Due to a controversial legal interpretation of the Airline Deregulation Act of 1978, state governments are extremely limited in their ability to regulate the business of HEMS. Currently there are no enforceable requirements that HEMS have any relationship with health care entities, medical centers or even EMS systems for the purpose of training or referral. States essentially cannot interfere with the business of HEMS. Throughout the nation almost every aspect of ground EMS is tightly regulated at the state level. HEMS is just the opposite. Medical standards, equipment and training (or lack of) are largely determined by individual programs. One programs medical crew may consist of two paramedics having token training/experience. Another program in the same region may use highly trained EM physician-nurse teams. One program may fly small 30-year-old single engine aircraft worth $700,000, while another local program invests in new $10 to 12 million state of the art, twin engine helicopters. Each program also largely determines their own fee structure. Liftoff charges range widely from $12,000 to $30,000 with an additional per loaded mile fee of $110 to $190.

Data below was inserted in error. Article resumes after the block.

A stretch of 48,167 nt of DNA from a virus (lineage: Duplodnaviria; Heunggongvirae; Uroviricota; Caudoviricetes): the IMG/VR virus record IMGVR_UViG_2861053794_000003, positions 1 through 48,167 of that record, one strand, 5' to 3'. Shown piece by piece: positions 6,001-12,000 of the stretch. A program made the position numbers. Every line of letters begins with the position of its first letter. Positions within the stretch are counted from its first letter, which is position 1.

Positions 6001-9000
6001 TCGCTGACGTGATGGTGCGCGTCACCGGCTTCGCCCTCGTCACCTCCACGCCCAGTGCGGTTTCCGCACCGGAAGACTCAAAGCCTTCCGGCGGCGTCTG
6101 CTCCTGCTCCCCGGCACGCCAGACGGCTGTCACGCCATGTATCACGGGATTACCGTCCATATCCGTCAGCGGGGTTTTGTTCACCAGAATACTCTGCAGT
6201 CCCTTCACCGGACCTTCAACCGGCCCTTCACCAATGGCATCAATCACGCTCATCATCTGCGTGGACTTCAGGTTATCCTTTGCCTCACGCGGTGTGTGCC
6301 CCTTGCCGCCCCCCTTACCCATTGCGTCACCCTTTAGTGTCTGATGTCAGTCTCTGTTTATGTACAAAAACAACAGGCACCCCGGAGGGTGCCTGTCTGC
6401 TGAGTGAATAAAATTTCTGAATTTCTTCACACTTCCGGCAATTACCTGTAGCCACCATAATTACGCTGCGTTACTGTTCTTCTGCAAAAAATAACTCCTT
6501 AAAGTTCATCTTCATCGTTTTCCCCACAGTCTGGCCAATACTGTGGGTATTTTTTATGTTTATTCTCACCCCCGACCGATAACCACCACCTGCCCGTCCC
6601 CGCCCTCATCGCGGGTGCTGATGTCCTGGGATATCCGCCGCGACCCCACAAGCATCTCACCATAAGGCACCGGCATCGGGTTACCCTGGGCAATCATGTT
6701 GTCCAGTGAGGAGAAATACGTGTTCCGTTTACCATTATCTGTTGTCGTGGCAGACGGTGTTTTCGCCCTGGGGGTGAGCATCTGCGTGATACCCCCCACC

Under the current CMS guidelines, all HEMS programs receive the same reimbursement per loaded patient mile regardless of aircraft size, level of care or capabilities. There is absolutely zero financial incentive for quality. Hospital-based programs are typically located in the region of the sponsoring institution. Corporate HEMS programs can be easily added, relocated or shut down, spread over wide areas covering several states. Wisconsin and Missouri have a very similar population and geographic area. Wisconsin has adequate HEMS coverage with 12 helicopters. Missouri has 36. This gross oversaturation and maldistribution is drivin by provit and loss. It has nothing to do with medical necessity.